Aprilia’s Tuareg 660 will hit dealer floors next year, with the manufacturer introducing an adventure offering that looks pretty hard-nosed and is built around the 660 powerplant already seen in the RS 660 and Tuono 660 machines.
In some ways the Tuareg 660 could be considered a competitor for the Tenere 700, although being an Aprilia the fairly extensive APRC package adds a host of rider aids, with pricing also expected to push up as a result of what’s on offer.
Australian pricing hasn’t been released at this stage, with a May or June release date, but based on the US pricing that is available, the Tuareg 660 sits squarely between the Tenere 700 on price and the 890 Adventure R – although obviously Australian pricing isn’t always a direct reflection of what we see elsewhere.
The ‘660’ or 659 cc powerplant is the DOHC four-stroke twin-cylinder with 270 degree firing order from the previously mentioned models, but producing a more modest 80 horsepower and 70 Nm of torque. Down 20 hp and up 3 Nm from the RS 660 for comparison.
Specific to the Tuareg is a new exhaust system, optimising low to mid-range performance, including an ignition advance management algorithm specifically for this model.
Final gearing is also shorter, running a 15 tooth front sprocket, two down on the RS 660, ensuring maximum drive from down low, while a new oil sump sits higher ensuring 240 mm of ground clearance.
Further tweaks were made ensuring adequate lubrication under any conditions with a new rose pipe and intake mouth, with new oil circuit channel in the semi-crankcase to prevent stagnation in the gearbox. In other words tweaks designed for a bike that might see more heavy duty off-road use and the accompanying greater range of conditions that ensues.
The Tuareg 660 chassis also receives attention in various ways, with a new high resistance steel tube design with cast plates and the sub-frame is welded to the main unit to allow for a 210 kg load capacity in total, with double the frame anchor points to the engine, compared to the RS 660. As such as the bike uses the engine as a stressed element, with the cylinder bank more vertical for boosted agility in tight turns.
The aluminium swingarm is also longer for traction and stability, and pivots in the frame and engine, while running a progressive linkage to the rear Kayaba shock. The Kayaba system, front and rear, offers 240 mm of travel and is fully adjustable, with rebound, compression and preload, with the latter on the shock a convenient preload handle.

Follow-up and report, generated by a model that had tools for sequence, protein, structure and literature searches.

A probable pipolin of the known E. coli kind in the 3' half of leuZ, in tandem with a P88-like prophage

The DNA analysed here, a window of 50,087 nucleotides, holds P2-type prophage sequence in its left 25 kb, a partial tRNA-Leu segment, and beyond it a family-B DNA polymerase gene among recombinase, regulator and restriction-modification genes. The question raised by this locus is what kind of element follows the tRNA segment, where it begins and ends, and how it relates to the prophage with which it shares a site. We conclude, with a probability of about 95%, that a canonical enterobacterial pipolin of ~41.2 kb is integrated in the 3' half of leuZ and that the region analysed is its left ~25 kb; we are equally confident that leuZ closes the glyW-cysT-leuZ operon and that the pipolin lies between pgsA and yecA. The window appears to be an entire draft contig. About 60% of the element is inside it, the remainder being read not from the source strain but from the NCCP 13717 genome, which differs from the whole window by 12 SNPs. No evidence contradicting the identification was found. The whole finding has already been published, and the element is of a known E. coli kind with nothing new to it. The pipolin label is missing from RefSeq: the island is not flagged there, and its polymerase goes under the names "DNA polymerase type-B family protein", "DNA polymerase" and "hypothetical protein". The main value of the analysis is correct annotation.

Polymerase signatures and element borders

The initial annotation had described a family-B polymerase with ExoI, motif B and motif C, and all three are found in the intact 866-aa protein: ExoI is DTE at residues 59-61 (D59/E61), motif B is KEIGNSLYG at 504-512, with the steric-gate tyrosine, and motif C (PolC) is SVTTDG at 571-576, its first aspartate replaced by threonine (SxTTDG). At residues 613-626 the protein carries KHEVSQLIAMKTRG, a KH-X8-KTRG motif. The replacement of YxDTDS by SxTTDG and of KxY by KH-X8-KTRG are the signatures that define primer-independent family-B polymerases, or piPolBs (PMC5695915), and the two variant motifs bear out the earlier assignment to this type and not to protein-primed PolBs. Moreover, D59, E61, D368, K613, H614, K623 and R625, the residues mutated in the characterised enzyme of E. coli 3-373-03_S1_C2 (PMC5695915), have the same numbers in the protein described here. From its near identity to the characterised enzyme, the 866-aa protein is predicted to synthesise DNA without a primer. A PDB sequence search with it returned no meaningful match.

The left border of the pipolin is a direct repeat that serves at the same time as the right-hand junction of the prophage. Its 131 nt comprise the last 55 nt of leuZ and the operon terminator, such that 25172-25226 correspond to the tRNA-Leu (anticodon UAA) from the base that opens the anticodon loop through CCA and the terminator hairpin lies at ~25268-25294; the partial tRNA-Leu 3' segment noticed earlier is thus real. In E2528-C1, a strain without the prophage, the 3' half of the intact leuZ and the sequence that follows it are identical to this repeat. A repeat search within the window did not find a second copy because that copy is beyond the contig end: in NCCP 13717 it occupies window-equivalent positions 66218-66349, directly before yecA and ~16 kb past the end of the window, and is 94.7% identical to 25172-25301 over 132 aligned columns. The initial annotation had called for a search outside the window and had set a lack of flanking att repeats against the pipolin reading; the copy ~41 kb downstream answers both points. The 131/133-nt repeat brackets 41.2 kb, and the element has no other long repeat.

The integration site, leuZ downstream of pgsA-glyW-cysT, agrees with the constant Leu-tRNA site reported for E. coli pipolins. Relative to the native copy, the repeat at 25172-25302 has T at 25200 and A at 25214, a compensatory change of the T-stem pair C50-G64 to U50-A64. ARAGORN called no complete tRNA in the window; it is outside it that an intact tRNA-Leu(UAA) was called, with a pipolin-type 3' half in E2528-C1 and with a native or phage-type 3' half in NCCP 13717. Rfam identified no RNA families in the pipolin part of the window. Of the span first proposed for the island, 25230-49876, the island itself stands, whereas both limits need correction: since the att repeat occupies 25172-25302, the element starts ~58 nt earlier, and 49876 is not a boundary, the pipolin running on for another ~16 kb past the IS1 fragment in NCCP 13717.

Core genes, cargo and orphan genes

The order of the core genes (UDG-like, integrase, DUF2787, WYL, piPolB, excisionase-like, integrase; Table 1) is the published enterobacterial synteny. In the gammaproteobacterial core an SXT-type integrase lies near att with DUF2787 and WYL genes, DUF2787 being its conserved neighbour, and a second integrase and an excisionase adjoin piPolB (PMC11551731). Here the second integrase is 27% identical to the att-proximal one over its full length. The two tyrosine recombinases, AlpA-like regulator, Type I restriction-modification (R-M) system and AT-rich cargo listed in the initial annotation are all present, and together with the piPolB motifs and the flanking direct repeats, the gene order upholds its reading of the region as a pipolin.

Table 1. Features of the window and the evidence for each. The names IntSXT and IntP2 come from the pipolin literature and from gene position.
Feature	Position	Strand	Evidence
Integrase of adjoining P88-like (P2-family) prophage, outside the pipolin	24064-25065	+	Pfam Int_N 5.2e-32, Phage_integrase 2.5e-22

The 18 L fuel tank is also kept narrow where the rider grips it and is protected by the frame, with weight centralisation and the CoG a concern, along with ensuring fuel is accessible even in the steepest conditions.
Wheel and tyre options are obviously very important, especially as we’re talking a ‘proper’ adventure machine, not just a tourer with some dual purpose tyres and we’re seeing a 2.50 x 21 inch front and 4.50 x 18 inch rear, which will be clad in Pirelli Scorpion Rally STR tyres in a 90/90 and 150/70 as standard fitment. Those are tubeless aluminium rims too.
Brembo provides a top notch braking system with an obvious off-road bent, running dual 300 mm front rotors and dual-piston calipers, while the rear is a 260 mm unit with single-piston caliper. ABS is also fitted, linked to the ride modes, with various levels of intervention including off-road which disables the rear and allows the front to be disabled too.
Naturally as an Aprilia, the APRC system makes an appearance, offering a host of rider aids, with ATC – Aprilia Traction Control; ACC – Aprilia Cruise Control; AEB – Aprilia Engine Brake; and AEM – Aprilia Engine Map. The AEB basically controls off-throttle response and AEM or modes differs the throttle response without changing peak performance.
Ride modes include two road specific options, an off-road option and a fully customisable option, those are Urban and Explore, Off-Road and Individual for the custom mode, which is fairly self explanatory. Urban is calibrated for maximum electronic intervention.
Aprilia promise intuitive switches, with the right side allowing easy mode selection, which with presents should largely negate the need to switch through individual settings on the run.
A 5 inch TFT meanwhile offers a clear view of what mode you’re in, speed and other important information. The Aprilia MIA or multimedia platform is an accessory, which can sync with a smartphone and save completed trip data, including geo-referenced telemetry, while a quick shift is also an accessory rather than standard fitment.
The wet weight figure, or kerb figure claimed by Aprilia is also 204 kg, or 187 kg dry, and aligns closely with the official Tenere 700 figure as a point of comparison, with seat height 860 mm and the 18 L fuel tank accompanied by a 4 L/100 km consumption figure, giving the Tuareg 660 an easy 400 km range starting to dip into the 3 L reserve with some room to play. Lighting is also all LED.
Colour options are the Martian Red or Acid Gold, with Indaco Tagelmust, as shown in the pictures carrying a premium in other markets and certainly standing out. The 2022 Aprilia Tuareg 660 is expected to arrive in Australian dealers in May or June of 2022, however we haven’t got local pricing at this stage.
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